I was having lunch with one of my mentors in the ministry last week. He's a minister here in town. And he was telling me about a time when he was at the church, leading a program one Wednesday night. The manager from the gas station down the block from the church called the church, and my friend answered. She explained that there was a couple with a baby at the gas station. Their car had broken down, and they needed money for a place to stay.

My friend looked in his wallet, and found some money. So he goes to the gas station. The manager takes him over to the couple with the baby at their car. As my friend is walking toward their car, with its hood held down by black bungee cables, he notices a guy filling up his motorcycle nearby. The guy's got one of those awesome motorcycles that costs more than a lot of cars. He's got a custom helmet on, and really fine leathers.

So as my friend is walking to the couple with the baby and the broken-down car, he realizes the motorcycle man is coming over, too. The manager introduces my friend to the couple, saying this is the minister from down the street. My friend gives the couple some money and then leaves.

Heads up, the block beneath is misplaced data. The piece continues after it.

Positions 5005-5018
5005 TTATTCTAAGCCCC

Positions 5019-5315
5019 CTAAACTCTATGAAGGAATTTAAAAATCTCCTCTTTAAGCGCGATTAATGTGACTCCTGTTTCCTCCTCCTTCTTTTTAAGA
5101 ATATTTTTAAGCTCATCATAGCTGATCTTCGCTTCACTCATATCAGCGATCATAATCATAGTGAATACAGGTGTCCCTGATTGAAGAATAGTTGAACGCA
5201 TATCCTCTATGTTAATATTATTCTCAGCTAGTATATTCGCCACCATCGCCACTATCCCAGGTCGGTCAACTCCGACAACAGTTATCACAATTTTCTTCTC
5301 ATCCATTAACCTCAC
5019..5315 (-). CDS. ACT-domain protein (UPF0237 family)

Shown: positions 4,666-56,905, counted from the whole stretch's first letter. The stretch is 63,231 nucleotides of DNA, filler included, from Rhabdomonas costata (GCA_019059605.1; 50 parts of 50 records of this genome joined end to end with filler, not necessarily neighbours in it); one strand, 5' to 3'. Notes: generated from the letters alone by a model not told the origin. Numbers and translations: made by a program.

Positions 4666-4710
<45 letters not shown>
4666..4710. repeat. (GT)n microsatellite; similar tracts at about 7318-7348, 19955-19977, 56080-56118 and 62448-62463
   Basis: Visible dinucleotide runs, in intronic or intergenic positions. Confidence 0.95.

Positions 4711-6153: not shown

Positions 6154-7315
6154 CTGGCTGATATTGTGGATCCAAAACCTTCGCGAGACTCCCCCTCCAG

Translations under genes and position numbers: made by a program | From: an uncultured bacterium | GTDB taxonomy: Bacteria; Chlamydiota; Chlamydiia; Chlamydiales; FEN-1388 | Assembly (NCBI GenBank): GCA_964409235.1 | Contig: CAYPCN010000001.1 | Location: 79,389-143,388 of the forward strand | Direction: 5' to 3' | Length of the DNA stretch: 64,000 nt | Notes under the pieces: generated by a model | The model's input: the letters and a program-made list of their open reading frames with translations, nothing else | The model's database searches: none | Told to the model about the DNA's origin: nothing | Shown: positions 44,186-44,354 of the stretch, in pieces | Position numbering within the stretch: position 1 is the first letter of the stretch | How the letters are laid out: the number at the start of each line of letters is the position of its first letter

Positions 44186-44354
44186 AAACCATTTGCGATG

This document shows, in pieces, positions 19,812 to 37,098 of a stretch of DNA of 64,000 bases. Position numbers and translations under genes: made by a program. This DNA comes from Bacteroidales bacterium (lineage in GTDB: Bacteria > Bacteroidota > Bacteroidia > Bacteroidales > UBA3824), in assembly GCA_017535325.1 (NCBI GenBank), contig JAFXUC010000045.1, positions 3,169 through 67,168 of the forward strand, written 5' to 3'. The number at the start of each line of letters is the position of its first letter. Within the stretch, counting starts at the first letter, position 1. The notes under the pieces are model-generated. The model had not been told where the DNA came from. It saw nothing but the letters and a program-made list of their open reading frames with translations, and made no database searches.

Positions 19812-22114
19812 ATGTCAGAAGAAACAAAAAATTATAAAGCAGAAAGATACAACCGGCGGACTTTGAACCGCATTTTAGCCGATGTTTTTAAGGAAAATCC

It's one of those gas stations where you have to pull around to get out, so he has to circle the building. By the time he gets back around, he looks over. The motorcycle man has taken off his very expensive leather jacket, and is disconnecting the bungee cords from the hood of the car. And then, he starts working on the car. As my friend drives off, he sees the motorcycle man getting filthy, in what might turn into a long bit of service. At a service station. At a station of service to Jesus Christ, the Lord.

Sometimes you don't need to tell people about your faith. You just need to be an example, and the actions and words (if needed) will get where they're supposed to.

I want you all to consider this church your service station, your station of service. You're here to help people get to wherever they're going. Sometimes you'll give spoken directions, and sometimes you'll just work together to get things fixed up. God will take care of the rest.

If you find words to talk about your faith, that's great. And if you find chances to serve your faith, that's maybe even better. Eventually, words will find you. And always, God will guide you.